The new book by David Mamet, “The Secret Knowledge: On The Dismantling of American Culture” offers a most interesting confessional of sorts that reveals a new perspective on show business personalities that are lumped together under the category of “Hollywood liberals.”
Mamet’s new book reveals a fault line that might be opening on the so-called mindset of tinsel town’s noisy band of activists of progressive persuasion who raise their voices and open their pocketbooks to politicians who cater to their point of view.
In past years the denizens of the non-left were macho men like John Wayne and Ward Bond, who because of their screen personas might have distorted the image of the right as hardheaded brainless jingoists without compassion and conscience. Ronald Reagan, the old union boss of the actors union, made the leap from a Roosevelt liberal to a Republican with an image that seemed less confrontational, although he was bludgeoned by the take no prisoners activists that made Berkeley a war zone in the sixties.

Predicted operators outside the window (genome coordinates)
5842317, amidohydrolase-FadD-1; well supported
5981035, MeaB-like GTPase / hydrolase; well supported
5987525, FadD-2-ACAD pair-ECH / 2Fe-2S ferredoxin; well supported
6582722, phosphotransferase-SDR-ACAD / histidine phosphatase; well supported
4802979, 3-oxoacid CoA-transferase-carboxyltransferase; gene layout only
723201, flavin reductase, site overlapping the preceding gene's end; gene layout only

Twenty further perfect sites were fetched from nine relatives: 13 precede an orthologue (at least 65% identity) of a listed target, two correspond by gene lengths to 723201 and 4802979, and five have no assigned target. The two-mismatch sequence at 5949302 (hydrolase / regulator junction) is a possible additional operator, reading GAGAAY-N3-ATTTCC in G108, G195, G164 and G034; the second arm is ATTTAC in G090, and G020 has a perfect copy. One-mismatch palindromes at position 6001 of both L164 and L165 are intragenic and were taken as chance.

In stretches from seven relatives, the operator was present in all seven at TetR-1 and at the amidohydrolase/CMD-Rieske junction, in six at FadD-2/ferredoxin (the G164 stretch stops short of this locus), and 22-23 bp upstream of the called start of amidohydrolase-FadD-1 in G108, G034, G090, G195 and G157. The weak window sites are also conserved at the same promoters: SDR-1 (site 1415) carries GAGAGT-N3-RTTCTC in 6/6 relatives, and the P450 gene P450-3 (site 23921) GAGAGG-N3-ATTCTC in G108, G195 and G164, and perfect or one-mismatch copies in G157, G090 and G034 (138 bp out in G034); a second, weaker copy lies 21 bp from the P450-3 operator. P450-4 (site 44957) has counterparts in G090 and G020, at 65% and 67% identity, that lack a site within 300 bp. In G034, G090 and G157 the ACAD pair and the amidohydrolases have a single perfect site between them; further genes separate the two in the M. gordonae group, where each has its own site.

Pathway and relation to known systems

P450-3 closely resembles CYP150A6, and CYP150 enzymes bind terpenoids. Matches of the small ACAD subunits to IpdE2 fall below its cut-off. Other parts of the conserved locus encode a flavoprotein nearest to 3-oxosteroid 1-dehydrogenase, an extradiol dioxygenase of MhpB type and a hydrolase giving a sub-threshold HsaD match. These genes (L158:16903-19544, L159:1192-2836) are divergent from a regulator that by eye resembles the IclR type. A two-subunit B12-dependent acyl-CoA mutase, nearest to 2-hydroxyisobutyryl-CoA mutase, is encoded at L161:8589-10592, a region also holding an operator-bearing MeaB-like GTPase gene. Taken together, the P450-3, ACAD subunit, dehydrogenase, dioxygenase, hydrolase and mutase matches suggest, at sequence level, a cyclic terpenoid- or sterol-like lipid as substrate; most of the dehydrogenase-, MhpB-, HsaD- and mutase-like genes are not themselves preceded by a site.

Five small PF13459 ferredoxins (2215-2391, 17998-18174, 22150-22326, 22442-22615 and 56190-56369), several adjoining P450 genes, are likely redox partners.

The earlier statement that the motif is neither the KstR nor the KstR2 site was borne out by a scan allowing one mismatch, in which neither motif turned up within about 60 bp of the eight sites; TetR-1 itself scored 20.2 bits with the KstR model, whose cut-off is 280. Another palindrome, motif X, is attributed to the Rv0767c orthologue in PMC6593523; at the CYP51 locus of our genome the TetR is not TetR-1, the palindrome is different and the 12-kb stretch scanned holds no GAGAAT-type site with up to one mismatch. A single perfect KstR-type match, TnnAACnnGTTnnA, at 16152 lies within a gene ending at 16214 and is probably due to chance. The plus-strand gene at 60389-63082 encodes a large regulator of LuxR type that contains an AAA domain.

Then came Arnold, another macho Republican who captured the hearts of the California electorate despite the fact that he was connected to the most democratic of democrats, the Kennedy clan. Apparently, that influence had the effect of diluting his views and leaving office as yet another failed California Governor.
Now comes David Mamet, an artist intellectual that has spent his life up to now as a liberals liberal who admits to never having friends or acquaintances in show business who were anything but die-hard liberals.
Mamet gives us an essay by essay description of his changeover complete with reasons, explanations and insights drawn from deep reading of authors who offer their own explanation of how so-called progressive thinking has contributed to what he believes is an attempt to denigrate our culture.
Although some of the essays seemed strained and the prose at times convoluted, Mamet makes his points with flair and sincerity, and is overall convincing. He will not be the first to break the barrier that holds Hollywood types hostage to a cause that might be losing its viability.
In fact, I predict that many others will follow the same path. He is the canary in the mine warning that the herd instinct in Hollywood political culture might soon have to make the same u-turn Mamet has made.
One of the most interesting features of this book is the long list of authors who helped him develop his new point of view.
For him, this has obviously been a vast labor of the intellect and deep philosophical thought that brought this very talented man to his new political path. It is well worth going along with him on his journey.